Latasha Harlins was murdered by Soon Ja Du, a 51 year-old Korean store owner in Los Angeles, California.
Latasha Harlins was a student at Westchester High School in Los Angeles. Because Harlins’ death came just 13 days after the videotaped beating of Rodney King and Du was imposed with a probation, a $500.00 fine and community service for her action, some sources cited the shooting as one of the causes of the 1992 Los Angeles riots.
DAY OF THE MURDER: The South Los Angeles store, Empire Liquor was normally staffed by Du’s husband and son. However, on the morning of the shooting, Du was working behind the counter, and her husband was outside resting in the family’s van.
Du saw Harlins putting a bottle of orange juice in her backpack. Du erroneously concluded that Harlins was attempting to steal, evidently not seeing the money Harlins was holding. Du attempted to grab Harlins by the sweater and snatched her backpack. Harlins then struck Du with her fist three times, knocking Du to the ground.
After Harlins backed away Du then threw a stool at her. Harlins then picked up the orange juice that dropped during the scuffle, threw it on the counter and turned to leave. Du reached under the counter to retrieve a handgun. Du then fired at Harlins from behind at a distance of about 3 feet and shot her in the back of her head, killing her instantly.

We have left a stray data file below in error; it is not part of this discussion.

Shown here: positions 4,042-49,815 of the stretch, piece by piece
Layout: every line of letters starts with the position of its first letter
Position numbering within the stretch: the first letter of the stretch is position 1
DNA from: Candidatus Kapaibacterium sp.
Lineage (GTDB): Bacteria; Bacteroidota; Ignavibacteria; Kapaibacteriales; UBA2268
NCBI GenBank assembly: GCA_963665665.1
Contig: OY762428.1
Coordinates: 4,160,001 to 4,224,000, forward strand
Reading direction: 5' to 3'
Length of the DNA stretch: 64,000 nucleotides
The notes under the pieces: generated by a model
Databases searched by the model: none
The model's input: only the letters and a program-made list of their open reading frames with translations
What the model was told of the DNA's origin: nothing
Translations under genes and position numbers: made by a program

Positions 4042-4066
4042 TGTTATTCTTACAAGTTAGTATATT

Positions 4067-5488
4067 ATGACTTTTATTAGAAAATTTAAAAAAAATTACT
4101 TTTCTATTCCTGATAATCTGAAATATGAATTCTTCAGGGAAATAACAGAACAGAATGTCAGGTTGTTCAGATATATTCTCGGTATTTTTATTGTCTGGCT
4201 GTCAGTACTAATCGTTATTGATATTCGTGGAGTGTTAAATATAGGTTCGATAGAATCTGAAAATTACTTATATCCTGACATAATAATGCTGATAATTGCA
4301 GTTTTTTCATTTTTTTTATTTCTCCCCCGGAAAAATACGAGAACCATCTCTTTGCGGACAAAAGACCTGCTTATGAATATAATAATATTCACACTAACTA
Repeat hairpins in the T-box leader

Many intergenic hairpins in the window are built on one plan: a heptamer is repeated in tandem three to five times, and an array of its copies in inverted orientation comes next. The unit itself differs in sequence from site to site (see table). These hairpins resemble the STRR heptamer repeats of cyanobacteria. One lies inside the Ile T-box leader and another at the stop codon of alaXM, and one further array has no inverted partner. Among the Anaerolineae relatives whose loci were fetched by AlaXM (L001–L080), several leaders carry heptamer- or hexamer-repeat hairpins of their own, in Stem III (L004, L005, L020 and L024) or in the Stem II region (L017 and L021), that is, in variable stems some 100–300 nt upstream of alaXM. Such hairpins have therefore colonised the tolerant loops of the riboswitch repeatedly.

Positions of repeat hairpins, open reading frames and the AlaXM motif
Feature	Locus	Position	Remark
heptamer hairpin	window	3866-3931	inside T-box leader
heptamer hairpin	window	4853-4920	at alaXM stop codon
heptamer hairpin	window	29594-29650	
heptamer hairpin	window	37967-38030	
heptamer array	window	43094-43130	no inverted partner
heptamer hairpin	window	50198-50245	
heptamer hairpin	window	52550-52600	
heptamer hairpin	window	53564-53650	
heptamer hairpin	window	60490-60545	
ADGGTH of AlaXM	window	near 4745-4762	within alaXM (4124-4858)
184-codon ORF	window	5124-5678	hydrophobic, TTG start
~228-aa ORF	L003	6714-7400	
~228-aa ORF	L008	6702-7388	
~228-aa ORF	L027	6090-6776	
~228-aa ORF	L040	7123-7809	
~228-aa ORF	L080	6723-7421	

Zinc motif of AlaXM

Du’s husband, Billy Heung Ki Du, heard the shot and rushed into the store. After speaking to his wife, who asked for whereabouts of Harlins before fainting, he dialed 9-1-1 to report an alleged holdup. Harlins died with $2 in her left hand.
THE TRIAL & VERDICT: Du testified on her own behalf, stating that it was self-defense and that her life was in danger, but her words were contradicted by the statements of the two witnesses present at the time and the security camera footage, which showed her shooting Harlins in the back of the head as Harlins was attempting to leave the store.
However, the Los Angeles police department ballistics expert report also found that the handgun Du used was altered in such a way that, compared to an ordinary handgun, much less pressure on the trigger was necessary to result in firing.
On November 15, 1991 the jury found Du guilty of voluntary manslaughter with a 16-year prison sentence recommendation, believing that Du’s shooting was fully within her control and she fired the gun voluntarily.
The presiding judge, Joyce Karlin reduced the sentence to probation of 5 years, 400 hours of community service, and a $500.00 fine.
Read about the aftermath and the impact of this tragic story at: Daily Black History Facts